Spoutin' Off: DRMs are bad dreams to some

By Michael E. Rau

July 10, 2006


Those pesky French! They're they go again, trying to mess with the American way of life!

OK - That's a little over the top, and the truth is, I appreciate the sentiment which has lead them to take action.

What action, you ask? The French Parliament has passed a law which, more or less, requires distributors of digital downloads to make their products universally usable.

This law, while applying to any company which distributes such products, was really aimed at Apple and the iTunes Store, and specifically, their FairPlay digital rights management (DRM) scheme.

Anyone who uses the iTunes store is aware of the intention and ramifications of FairPlay. While songs downloaded from the iTunes store are encoded in the AAC format, which can theoretically be played by a number of devices and systems, Apple adds the FairPlay DRM which prevents songs downloaded from them to be played on any device or system but their own.

Now I don't know about you, but I personally don't want to buy a song which I can't play any way I dang well please. I don't want an "Apple Only" product. If I pay for the rights to consume a piece of intellectual property, I feel that license should give me the right to use the product as I see fit.

The argument in favor of DRMs is that they protect intellectual property rights, but I think that's a load of hooey. Really, any song or movie that you want can be obtained through that gray legal area of peer-to-peer file sharing.

Does Apple think that someone who is planning to illegally distribute an artistic product is going to go to the trouble of legally downloading it first? That makes no sense at all. They're just going to get it through BitTorrent or Gnutella or some other such file-sharing service.

Of course, it was Microsoft who first started pushing DRMs through Windows Media, and in fact they continue to push the envelope on limiting access (media encoded in Windows Media 10 will only play in Windows XP).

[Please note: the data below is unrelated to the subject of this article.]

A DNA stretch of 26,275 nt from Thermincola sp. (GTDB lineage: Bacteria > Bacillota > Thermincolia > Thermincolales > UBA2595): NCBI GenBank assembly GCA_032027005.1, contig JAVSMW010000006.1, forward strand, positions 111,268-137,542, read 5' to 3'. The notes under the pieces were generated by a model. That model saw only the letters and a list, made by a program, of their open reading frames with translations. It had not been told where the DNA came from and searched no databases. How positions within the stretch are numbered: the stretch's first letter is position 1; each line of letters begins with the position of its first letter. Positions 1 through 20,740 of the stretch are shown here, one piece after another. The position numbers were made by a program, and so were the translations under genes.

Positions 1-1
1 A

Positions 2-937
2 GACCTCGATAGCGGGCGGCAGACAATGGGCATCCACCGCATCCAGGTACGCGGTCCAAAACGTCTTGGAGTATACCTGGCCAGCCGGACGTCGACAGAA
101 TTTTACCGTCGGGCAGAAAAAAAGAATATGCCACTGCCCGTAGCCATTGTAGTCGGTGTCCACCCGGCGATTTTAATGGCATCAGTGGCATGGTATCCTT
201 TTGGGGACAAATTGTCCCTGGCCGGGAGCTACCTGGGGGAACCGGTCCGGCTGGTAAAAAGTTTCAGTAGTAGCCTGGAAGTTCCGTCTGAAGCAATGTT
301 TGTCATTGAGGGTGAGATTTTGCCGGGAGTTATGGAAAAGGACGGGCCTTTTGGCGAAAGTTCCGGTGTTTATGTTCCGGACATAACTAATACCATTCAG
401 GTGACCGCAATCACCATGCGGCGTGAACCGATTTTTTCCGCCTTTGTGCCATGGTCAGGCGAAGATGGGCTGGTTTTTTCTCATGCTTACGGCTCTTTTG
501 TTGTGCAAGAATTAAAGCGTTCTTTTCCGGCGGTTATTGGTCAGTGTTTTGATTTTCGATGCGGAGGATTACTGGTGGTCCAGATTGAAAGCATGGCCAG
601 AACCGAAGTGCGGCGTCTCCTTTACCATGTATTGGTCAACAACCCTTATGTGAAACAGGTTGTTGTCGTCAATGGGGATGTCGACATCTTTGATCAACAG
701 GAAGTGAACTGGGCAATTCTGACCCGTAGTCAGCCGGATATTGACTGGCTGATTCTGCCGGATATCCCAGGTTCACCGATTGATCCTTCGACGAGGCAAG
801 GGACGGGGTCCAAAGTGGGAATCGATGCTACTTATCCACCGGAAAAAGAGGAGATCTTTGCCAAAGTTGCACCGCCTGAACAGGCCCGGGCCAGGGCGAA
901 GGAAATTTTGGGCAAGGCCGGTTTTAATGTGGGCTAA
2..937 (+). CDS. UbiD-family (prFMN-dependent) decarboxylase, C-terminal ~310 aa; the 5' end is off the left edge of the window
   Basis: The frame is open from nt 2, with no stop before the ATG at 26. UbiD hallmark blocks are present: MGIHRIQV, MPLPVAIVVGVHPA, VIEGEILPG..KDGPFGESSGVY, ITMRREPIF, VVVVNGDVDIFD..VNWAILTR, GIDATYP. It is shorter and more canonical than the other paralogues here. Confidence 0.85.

But now, Apple's moved to the forefront in this area because of the phenomenal success of the iTunes store.

Some analysts believe that DRMs are more a matter of companies trying to exert control over these products in such a way as to commit users to their proprietary applications and devices, rather than being due to any real concern about piracy.

I use iTunes on my Mac as my "jukebox" of choice - It's a great product - But I don't own an iPod and don't use the iTunes store. I never will as long as Apple chooses to limit my choices.

My favorite source for legal downloadable songs is called eMusic. For a monthly fee of $9.95, you can download up to 40 songs. These are encoded in mp3 with no DRM scheme whatsoever. Thus, they'll play in just about any digital music application or device, including iPods and iTunes (as well as Windows Media Player, RealPlayer, MusicMatch, and a slew of others).

Truthfully, AAC is a more efficient compression format and I'd prefer to acquire my songs encoded that way, but the difference is negligible - especially when the restrictions enabled by FairPlay are taken into consideration.

So did France take the best approach? I don't believe so. I don't think it's a government's role to step in when a company decides to adopt a stupid but avoidable policy.

What I'd like to see is consumers voluntarily choosing to not cater to companies behaving badly. If the French (like myself) don't like the FairPlay DRM, they can choose not to buy through the iTunes store, and can instead go through an alternative service such as eMusic.

There's one other point I'd like to make. People who use services such as iTunes, eMusic, Rhapsody, Napster, or any of the other sources for legally downloadable music, are trying to work within the system. They at least grasp the concept of intellectual property rights - that music and film and pictures actually belong to the people who created them, or those who've bought the rights. They shouldn't be treated like criminals-in-waiting.

And for those who, through one manner or another, have acquired digital media files which they haven't paid anything for - why not create some sort of method for them to acquire legal rights to use that material?

For music, my suggestion is that the big organizations which manage rights to music - mainly BMI and ASCAP - create some sort of online registration system where an individual can go online and register a song already in their possession, pay a nominal fee, and acquire the same legal rights to use that song as someone who's downloaded it from a legitimate service or purchased a CD.

Let's find more ways to enable everyone to be responsible consumers of intellectual property.


Michael Rau is a mass-communications consultant in Virginia Beach. To send feedback or view past columns, visit http://dailypress.asoundidea.com.

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